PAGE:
Machines that suck CO2 directly from the air could cut the cost of meeting global climate goals, a new study finds, but they would need as much as a quarter of global energy supplies in 2100. The research, published today in Nature Communications, is the first to explore the use of direct air capture (DAC) in multiple computer models. It shows that a “massive” and energy-intensive rollout of the technology could cut the cost of limiting warming to 1.5 or 2C above pre-industrial levels. But the study also highlights the “clear risks” of assuming that DAC will be available at scale, with global temperature goals being breached by up to 0.8C if the technology then fails to deliver.
Carbon Brief 22nd July 2019 read more »
Do you remember the good old days when we had “12 years to save the planet”? Now it seems, there’s a growing consensus that the next 18 months will be critical in dealing with the global heating crisis, among other environmental challenges. Last year, the Intergovernmental Panel on Climate Change (IPCC) reported that to keep the rise in global temperatures below 1.5C this century, emissions of carbon dioxide would have to be cut by 45% by 2030. But today, observers recognise that the decisive, political steps to enable the cuts in carbon to take place will have to happen before the end of next year. The idea that 2020 is a firm deadline was eloquently addressed by one of the world’s top climate scientists, speaking back in 2017. “The climate math is brutally clear: While the world can’t be healed within the next few years, it may be fatally wounded by negligence until 2020,” said Hans Joachim Schellnhuber, founder and now director emeritus of the Potsdam Climate Institute. The sense that the end of next year is the last chance saloon for climate change is becoming clearer all the time.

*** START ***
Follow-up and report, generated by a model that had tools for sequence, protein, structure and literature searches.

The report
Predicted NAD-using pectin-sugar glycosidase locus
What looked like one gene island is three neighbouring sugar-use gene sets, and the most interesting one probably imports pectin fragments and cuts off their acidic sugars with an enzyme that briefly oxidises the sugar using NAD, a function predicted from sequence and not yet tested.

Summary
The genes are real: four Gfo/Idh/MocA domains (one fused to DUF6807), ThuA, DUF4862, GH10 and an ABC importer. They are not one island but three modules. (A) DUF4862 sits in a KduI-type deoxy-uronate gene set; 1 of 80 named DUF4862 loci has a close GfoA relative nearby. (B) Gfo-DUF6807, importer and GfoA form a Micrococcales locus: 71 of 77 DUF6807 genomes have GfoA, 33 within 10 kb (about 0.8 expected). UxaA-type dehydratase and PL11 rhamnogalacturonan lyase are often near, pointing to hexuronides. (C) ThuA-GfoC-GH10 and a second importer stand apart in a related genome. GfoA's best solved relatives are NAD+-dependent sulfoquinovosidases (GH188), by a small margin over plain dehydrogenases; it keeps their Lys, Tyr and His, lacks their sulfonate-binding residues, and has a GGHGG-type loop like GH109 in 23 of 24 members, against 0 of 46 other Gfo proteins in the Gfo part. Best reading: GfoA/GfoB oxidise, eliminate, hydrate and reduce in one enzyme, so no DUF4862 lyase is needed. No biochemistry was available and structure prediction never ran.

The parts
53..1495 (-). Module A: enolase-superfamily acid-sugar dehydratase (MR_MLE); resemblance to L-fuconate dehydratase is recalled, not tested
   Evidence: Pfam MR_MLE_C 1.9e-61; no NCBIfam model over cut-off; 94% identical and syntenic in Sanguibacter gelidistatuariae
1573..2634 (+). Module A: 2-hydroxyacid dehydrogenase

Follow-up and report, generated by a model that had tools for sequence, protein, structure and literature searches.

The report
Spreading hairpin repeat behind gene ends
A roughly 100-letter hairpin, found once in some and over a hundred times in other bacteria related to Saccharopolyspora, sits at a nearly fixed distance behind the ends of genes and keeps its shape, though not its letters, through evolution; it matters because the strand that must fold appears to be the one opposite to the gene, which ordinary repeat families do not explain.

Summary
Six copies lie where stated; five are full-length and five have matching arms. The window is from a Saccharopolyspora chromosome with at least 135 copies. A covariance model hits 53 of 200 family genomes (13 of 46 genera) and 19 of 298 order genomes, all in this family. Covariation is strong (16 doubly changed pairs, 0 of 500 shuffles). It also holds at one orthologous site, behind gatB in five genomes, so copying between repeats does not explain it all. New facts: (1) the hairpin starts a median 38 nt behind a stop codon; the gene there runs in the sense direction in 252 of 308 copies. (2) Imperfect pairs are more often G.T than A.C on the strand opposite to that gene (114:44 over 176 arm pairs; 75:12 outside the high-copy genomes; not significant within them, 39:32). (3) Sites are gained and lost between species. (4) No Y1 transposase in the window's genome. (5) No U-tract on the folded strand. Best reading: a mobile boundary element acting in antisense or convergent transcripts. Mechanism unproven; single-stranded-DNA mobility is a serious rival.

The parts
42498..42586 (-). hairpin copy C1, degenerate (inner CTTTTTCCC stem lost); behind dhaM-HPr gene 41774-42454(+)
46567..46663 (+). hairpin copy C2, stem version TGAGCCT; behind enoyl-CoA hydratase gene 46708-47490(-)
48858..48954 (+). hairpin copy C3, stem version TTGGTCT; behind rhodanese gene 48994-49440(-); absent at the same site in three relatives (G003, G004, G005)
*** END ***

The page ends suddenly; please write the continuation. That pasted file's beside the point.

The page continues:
BBC 24th July 2019 read more »
Vast swathes of the Arctic are suffering from “unprecedented” wildfires, new satellite images have revealed. North of the Arctic circle, the high temperatures are facilitating enormous wildfires which are wreaking ecological destruction on a colossal scale. It comes after the world’s hottest June on record which has been followed by a devastating heatwave in the US, with Europe forecast for the same treatment later this week. Satellite images reveal fires across Greenland, Siberia and Alaska, with warm dry conditions following ice melt on the enormous Greenland icesheet commencing a month earlier than average.
Independent 23rd July 2019 read more »